|By Brian Schimmoller, Contributing Editor|
Stress corrosion cracking in nuclear power plants has resulted in significant maintenance expenses for repair and replacement, and continues to challenge materials management programs across the industry. Much can be done through materials selection and water chemistry to avoid such cracking, and proactive physical mitigation with welding is also a viable option.
Pressurizer heaters are used in pressurized water reactors to provide the heat required to maintain pressure during transient conditions. These heaters are inserted in pipe penetrations into the vessel called heater sleeves. The sleeves are welded to the vessel during original fabrication, and the heater is welded to the sleeves. The two welds comprise the pressure boundary for the system and are susceptible to stress corrosion cracking. If cracking occurs in the welds, the heater sleeves can leak, potentially leading to unplanned unit downtime.
Over the past several years, Constellation Energy Nuclear Group (CENG) has pioneered the development, testing, and application of a proactive welding process to repair heater sleeves. Initial application of the process occurred in 2012 at CENG’s Calvert Cliffs nuclear plant in Maryland. The process reduces welding time by 80 percent and weld volume by 90 percent; it also enhances worker safety through improved radiation protection.
CENG received the Nuclear Energy Institute’s “Best of the Best” Top Industry Practice (TIP) Award for this accomplishment earlier this year. In conferring the award, the NEI noted that because the operational efficiencies achieved through the process also yield cost savings, the innovation has the added potential of saving electric utilities—and their customers—hundreds of millions of dollars in future uses.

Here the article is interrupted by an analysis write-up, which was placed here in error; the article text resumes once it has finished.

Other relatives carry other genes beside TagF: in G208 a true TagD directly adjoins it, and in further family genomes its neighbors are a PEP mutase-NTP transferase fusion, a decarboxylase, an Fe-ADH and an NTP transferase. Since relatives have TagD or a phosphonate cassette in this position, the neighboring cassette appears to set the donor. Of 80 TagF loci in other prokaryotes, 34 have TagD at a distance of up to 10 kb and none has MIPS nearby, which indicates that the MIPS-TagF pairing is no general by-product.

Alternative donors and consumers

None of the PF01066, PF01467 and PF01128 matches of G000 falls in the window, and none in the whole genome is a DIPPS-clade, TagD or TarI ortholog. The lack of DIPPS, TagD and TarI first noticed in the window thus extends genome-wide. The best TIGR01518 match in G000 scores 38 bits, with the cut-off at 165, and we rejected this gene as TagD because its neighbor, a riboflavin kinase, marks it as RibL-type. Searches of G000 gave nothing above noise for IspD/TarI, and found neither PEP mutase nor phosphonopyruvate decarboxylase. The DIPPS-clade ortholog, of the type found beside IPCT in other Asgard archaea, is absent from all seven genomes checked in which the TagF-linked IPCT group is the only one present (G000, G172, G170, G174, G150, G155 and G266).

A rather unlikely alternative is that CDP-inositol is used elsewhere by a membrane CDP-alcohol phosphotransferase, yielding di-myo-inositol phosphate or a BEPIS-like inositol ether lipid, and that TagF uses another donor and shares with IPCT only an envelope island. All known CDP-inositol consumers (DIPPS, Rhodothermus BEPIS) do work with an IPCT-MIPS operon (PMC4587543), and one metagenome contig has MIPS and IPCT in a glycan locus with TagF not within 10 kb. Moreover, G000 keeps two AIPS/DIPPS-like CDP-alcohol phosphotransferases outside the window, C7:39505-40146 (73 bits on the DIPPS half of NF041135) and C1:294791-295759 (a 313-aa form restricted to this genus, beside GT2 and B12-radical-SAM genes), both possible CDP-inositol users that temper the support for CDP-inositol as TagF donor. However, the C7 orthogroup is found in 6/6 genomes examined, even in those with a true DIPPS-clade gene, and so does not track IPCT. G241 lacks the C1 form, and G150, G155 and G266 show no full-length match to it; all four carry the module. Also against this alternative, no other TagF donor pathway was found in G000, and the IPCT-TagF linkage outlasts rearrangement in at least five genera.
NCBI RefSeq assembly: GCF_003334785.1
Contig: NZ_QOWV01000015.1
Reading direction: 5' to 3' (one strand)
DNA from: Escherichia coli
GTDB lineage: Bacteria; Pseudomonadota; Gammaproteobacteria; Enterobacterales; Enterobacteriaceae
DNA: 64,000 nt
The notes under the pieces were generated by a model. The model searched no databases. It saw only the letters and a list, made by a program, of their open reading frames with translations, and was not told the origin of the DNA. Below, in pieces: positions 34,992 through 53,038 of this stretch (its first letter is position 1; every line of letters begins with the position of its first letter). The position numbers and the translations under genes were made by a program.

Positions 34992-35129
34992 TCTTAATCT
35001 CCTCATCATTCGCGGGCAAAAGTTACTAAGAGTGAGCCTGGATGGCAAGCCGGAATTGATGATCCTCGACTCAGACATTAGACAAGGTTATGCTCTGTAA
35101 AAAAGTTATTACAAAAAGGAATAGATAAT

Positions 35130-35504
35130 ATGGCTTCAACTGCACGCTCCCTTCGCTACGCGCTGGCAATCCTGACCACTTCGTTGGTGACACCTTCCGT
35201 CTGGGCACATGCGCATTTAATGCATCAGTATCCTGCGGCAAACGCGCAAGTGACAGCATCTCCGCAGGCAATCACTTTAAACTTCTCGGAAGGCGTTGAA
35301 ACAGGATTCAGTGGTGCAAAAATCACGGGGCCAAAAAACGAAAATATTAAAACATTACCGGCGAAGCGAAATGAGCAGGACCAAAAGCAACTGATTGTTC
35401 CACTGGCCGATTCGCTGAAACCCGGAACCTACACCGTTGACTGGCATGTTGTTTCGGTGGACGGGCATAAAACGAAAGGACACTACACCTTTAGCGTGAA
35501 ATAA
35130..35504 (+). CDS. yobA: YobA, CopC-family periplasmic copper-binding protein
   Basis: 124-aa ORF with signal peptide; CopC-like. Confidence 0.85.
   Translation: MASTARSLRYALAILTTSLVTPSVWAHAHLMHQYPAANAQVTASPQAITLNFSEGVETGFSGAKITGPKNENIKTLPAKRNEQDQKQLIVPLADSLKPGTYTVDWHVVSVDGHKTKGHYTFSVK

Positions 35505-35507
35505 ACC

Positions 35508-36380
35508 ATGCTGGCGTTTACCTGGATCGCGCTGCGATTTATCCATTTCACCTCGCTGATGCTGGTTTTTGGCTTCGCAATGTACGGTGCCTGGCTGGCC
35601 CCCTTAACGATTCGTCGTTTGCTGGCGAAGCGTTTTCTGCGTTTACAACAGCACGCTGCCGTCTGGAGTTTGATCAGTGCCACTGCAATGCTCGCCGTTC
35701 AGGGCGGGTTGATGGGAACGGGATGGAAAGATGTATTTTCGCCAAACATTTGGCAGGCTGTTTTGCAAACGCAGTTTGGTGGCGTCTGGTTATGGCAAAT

“We considered several options for this issue, including vessel replacement and lower hemisphere repair,” said Lennie Daniels, senior project manager at CENG. “After detailed analysis, our plant configuration made the repair option more viable.”
CENG devised a first-of-a-kind weld repair. The new tooling and the processes had to be developed and proven to meet ASME requirements. The tooling – which included weld heads, machining equipment, and nondestructive evaluations (NDE) equipment – had to be built to work inside small-bore piping, with the ability to function reliably 30 feet off the floor. NDE consisted of remote visual inspection via cameras mounted directly on the weld head.
“Process control was extremely important,” said Daniels. “Each weld head had to be placed in a specific location, and a specific number of weld layers had to be made to ensure compliance with the codes and to meet the required thickness for the repair process.” Once the welds were deposited, they had to be machined to meet the surface finish requirements for the NDE inspections. The entire process was controlled to ensure proper alignment of the heater sleeve to the support plates. If alignment was not maintained, the heater could not be inserted into the pressurizer.
In all, CENG repaired 119 heater sleeve locations at Calvert Cliffs, and no leakage occurred. The project was completed a day ahead of schedule and at less cost than the other options considered.
One of the main benefits, according to Daniels, was that the tooling was designed to be operated remotely, which means that both the welding and NDE could be perfomed from outside the protected area. This minimizes the need for workers to be directly exposed to radiation. In fact, the project came in far below planned dose levels, about 35 percent lower than the project goal. Personnel contamination incidents were 75 percent lower than project goals.
The first-of-a-kind weld process is not expected to be a “one and done” application. Daniels believes the technique could be adapted to other components in a nuclear plant, such as bottom-mounted nozzles.
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